- Tie-up acceptance. Also called “patience training.” Regularly tie your horse in a safe place so he learns to wait patiently instead of pawing or fussing. Do it just often enough and long enough that he learns to accept it. This is almost as important as your horse knowing “whoa” because if he won’t tie quietly at home, you can’t leave him tied safely in an unfamiliar place.
- Pick up both feet from the same side. Pick up the near side hoof, but instead of walking around to the other side, pick up the offside hoof from the same side. This makes cleaning and picking out your horse’s hooves easier and faster because you don’t have to walk around him as often.
- Lower head on request. This makes it easier to put your horse’s bridle on. It’s also good for controlling a horse’s “attitude” when he doesn’t want to respond.
Turn Them Out First
A horse can’t concentrate and respond to commands when he’s full of energy. If he’s been in a stall for a while, he needs to blow off steam. For his safety–and that of his handler–turnout time is important, says Team Horse & Rider member Lynn Palm, a world-renowned competitor and trainer who has earned more than 34 world and reserve championships.
Because one of Lynn’s two training facilities is located in Bessemer, Mich. (the other’s in Ocala, Fla.), she knows what it’s like to own horses during long winters. But even in places like Michigan, she maintains, you can work your horse outdoors.
If you live in a place that has ice frequently, consider outfitting your horse with borium shoes, she notes. “And ride your horse in the snow,” she says. “They like it and you will, too.”
But don’t try to work your horse indoors without first giving them turnout time, she admonishes. “Try to turn your horses out daily if they must be kept in a stall,” she says.
“The best exercise for a horse in winter is to work them at liberty. Work in both directions from the ground at the walk, trot, and canter with no attachments for a maximum of 20 minutes. Then you can work your horse indoors. He will do it more quietly, stay fit, and continue to build muscle. His joints will be strong, and he’ll be happy.”
If you don’t have a work area with footing you can use during winter, consider creating one. Although special all-weather footings are available (search online for ‘all weather footing’), they can be expensive.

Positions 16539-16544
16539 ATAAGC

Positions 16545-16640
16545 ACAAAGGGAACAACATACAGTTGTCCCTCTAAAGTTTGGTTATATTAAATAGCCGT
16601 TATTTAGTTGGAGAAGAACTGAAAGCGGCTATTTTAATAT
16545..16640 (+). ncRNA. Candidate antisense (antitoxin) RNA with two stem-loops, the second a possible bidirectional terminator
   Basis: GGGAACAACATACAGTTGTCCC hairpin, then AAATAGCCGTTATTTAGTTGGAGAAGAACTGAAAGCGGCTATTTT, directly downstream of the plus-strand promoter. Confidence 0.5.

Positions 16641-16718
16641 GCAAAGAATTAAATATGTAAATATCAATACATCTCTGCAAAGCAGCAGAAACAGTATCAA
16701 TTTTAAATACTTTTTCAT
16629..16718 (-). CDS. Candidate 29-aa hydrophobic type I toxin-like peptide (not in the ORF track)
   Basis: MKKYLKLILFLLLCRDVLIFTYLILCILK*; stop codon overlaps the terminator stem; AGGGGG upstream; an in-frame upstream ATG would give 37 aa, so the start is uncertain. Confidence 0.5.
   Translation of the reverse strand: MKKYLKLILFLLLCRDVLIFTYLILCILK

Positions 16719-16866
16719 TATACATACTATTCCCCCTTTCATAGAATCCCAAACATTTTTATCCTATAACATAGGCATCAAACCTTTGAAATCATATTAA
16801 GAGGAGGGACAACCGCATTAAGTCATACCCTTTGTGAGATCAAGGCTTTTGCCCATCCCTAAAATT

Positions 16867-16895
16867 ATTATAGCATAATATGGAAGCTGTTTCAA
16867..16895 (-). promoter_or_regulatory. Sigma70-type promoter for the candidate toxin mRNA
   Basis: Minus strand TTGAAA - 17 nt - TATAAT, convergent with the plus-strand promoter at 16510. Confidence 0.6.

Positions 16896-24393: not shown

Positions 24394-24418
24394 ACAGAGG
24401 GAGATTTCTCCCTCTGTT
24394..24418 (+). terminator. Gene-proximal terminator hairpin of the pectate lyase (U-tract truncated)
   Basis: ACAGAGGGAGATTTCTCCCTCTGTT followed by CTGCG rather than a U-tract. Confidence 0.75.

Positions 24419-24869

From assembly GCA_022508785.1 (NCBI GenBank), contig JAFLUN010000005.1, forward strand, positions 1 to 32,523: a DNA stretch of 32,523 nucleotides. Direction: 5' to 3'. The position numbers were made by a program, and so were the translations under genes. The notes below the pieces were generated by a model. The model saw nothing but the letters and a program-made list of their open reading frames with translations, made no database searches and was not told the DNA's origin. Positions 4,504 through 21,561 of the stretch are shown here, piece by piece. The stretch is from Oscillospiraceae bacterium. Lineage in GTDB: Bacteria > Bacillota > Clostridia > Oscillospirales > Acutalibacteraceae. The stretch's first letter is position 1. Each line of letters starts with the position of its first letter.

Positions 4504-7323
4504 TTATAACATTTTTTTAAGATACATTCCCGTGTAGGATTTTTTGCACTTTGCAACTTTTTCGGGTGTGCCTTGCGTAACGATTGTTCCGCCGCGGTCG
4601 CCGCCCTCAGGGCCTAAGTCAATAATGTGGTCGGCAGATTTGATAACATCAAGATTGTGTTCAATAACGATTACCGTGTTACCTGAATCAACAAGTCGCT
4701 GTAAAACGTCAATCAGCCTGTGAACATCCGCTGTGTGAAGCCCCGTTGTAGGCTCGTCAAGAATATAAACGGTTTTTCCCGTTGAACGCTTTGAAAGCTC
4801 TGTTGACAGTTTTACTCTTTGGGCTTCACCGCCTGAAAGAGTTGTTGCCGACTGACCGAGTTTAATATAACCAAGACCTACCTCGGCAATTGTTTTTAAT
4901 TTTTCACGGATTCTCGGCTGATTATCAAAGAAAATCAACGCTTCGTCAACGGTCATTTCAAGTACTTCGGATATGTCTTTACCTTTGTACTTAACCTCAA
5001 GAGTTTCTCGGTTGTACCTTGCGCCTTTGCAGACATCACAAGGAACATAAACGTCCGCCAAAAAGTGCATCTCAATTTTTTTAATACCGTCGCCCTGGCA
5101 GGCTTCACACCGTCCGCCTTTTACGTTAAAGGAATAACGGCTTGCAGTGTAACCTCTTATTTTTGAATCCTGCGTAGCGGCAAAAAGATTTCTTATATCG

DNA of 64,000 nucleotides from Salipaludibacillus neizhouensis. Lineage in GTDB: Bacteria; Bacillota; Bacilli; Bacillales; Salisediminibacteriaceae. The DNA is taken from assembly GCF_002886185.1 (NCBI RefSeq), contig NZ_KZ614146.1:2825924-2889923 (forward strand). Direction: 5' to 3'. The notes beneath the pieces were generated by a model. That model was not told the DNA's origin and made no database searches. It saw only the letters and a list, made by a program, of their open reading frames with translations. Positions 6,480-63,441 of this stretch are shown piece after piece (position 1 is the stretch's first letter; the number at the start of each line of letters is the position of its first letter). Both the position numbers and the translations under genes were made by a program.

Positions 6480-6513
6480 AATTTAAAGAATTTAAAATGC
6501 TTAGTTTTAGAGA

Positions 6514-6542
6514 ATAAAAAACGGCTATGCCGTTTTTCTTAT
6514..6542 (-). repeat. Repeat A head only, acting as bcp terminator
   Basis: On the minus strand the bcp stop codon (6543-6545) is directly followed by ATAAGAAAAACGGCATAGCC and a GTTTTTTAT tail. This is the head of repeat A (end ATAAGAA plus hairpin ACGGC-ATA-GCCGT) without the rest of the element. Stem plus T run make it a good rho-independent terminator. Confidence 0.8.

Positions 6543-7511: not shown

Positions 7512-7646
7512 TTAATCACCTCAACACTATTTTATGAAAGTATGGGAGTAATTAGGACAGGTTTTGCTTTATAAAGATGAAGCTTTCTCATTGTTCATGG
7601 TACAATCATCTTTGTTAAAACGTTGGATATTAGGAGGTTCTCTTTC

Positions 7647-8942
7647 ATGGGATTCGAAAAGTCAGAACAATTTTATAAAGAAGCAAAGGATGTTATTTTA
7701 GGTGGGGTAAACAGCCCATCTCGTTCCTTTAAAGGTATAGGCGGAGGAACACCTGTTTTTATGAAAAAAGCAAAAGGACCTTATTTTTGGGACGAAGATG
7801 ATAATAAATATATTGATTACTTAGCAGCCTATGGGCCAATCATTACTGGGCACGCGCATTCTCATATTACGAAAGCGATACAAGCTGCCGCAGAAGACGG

But it’s hard to beat sand. “Sand is one of the best footings,” says Lynn. “It’s less expensive. You can work on it sooner after ice has melted than on a clay-type ground.”
Lynn prefers to school her horses in an oval area, rather than a round pen, so they can be worked on straight lines as well as curves. This develops a horse’s balance and fitness better, she says. She recommends a pen that’s a minimum 60 feet wide by 100 feet long, but one that’s 70 to 80 feet by 150 feet is most desirable.
While working with an untrained horse, or one that’s sensitive, excitable, or over-responsive, consider wearing a helmet. Remember that it can more difficult to get away from a fractious horse when you’re in a small space, too.
Extras to Remember
Bobbie Skelton has worked with hundreds of horses as a riding instructor at Colorado State University, where she has taught the horse training laboratory, equine science, and equine sales management since 2002. The 1994 CSU graduate also taught equine science at colleges in Oklahoma and Texas, and has coached champion collegiate horse-judging teams.
Bobbie offers these suggestions when doing small space training. They can be applied to any equine instruction, as well
- Change the routine. Keep exercises from becoming monotonous. Some horses get bored and ill-tempered if they’re asked to do the same things in the same order repeatedly. For example, you could reinforce “whoa” one day; on another, you might turn on the forehand. This will also prevent them from anticipating your commands.
- Have a plan. Know what you want your horse to do and reward him when he does it correctly. “That’s where your average horseperson gets into trouble,” Bobbie says. “They don’t think about what they want before they ask their horse to do it, so they end up teaching him to do something they don’t want him to do without realizing it.”
- Quality counts. A horse’s responsiveness is not a result of how much you handle them. It’s the quality–not the quantity–of handling that counts.
- Consistency is key. What you ask, how you ask, and the release of pressure are the best ways to maintain responsiveness.
- Don’t overdo it. “I think working with a horse over the winter can be useful if done in moderation,” Bobbie advises. “Turning them out first is important.”
The editors wish to thank Melissa Peterson of Shingle Springs, Calif., and her Paint mare, Butterscotch, for serving as models for this article.
This article originally appeared in the January 2007 issue of Horse & Rider magazine.